As a British citizen I can wholeheartedly appreciate the need to avoid social faux pas. Good manners and etiquette rules are ingrained within our culture, from thanking waiters when they provide us with food in a restaurant (surely a pre-requisite to eating out?), to lifting our little fingers as we drink tea. Therefore, there is nothing more humiliating for British people who are learning German than to be fooled by those pesky words we call ‘false friends’.
However, when native English speakers learn German it is easy to see why they get confused. They are introduced to seemingly innocent words which sound and look alike to their English counterparts. For example:
house Haus, garden Garten, to swim schwimmen, green grün
And this is not surprising considering that English and German are linguistically very close. However, native English speakers beware; false friends do exist in German, and they can creep up on you when you least expect it.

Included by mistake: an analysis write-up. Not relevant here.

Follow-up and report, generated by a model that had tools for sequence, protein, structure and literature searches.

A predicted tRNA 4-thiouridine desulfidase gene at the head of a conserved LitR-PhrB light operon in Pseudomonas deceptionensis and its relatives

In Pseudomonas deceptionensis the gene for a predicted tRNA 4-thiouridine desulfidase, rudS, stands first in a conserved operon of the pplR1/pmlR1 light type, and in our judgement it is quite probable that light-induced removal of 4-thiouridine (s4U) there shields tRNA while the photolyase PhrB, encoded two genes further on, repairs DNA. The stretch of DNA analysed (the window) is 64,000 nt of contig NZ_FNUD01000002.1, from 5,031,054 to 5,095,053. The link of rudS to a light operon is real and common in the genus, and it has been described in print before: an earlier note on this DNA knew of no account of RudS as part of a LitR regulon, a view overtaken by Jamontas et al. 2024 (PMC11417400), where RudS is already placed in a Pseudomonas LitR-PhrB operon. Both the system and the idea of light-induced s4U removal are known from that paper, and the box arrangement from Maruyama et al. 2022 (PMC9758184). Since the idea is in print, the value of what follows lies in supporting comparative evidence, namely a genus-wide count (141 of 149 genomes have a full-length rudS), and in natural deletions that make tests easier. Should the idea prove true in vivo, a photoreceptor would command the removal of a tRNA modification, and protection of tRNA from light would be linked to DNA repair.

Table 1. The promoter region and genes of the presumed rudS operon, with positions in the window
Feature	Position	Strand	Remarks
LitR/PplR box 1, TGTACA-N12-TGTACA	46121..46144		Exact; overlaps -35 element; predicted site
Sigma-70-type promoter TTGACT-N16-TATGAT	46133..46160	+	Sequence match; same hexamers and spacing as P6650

False Friends can fool you even when doing simple additions. One must be careful not to get billions mixed up with trillions when doing large sums. You see, in German a Billion is equivalent to a trillion in US numbers. In German, if you want to count in US trillions, you must use a German Milliarde. Confused yet? It get’s much more complicated…
When Christmas comes around it is a time for family, sharing, and of course the giving of presents. But make sure you give a Geschenk and not a Gift to your parents; otherwise they may become very wary of you. In German Gift means poison.
English-German false friends can ruin your chances with any potential love interest too. If asked by someone to get some preservative to make a jam, be sure to get Konservierungsmittel and not a Präservativ, otherwise you will find yourself red-faced at the checkout with a condom and one confused friend. And if you do try and cover the embarrassment up with a childish wink, make sure to zwinkern, otherwise you could find yourself waving goodbye to a friend. You see in German winken means to wave.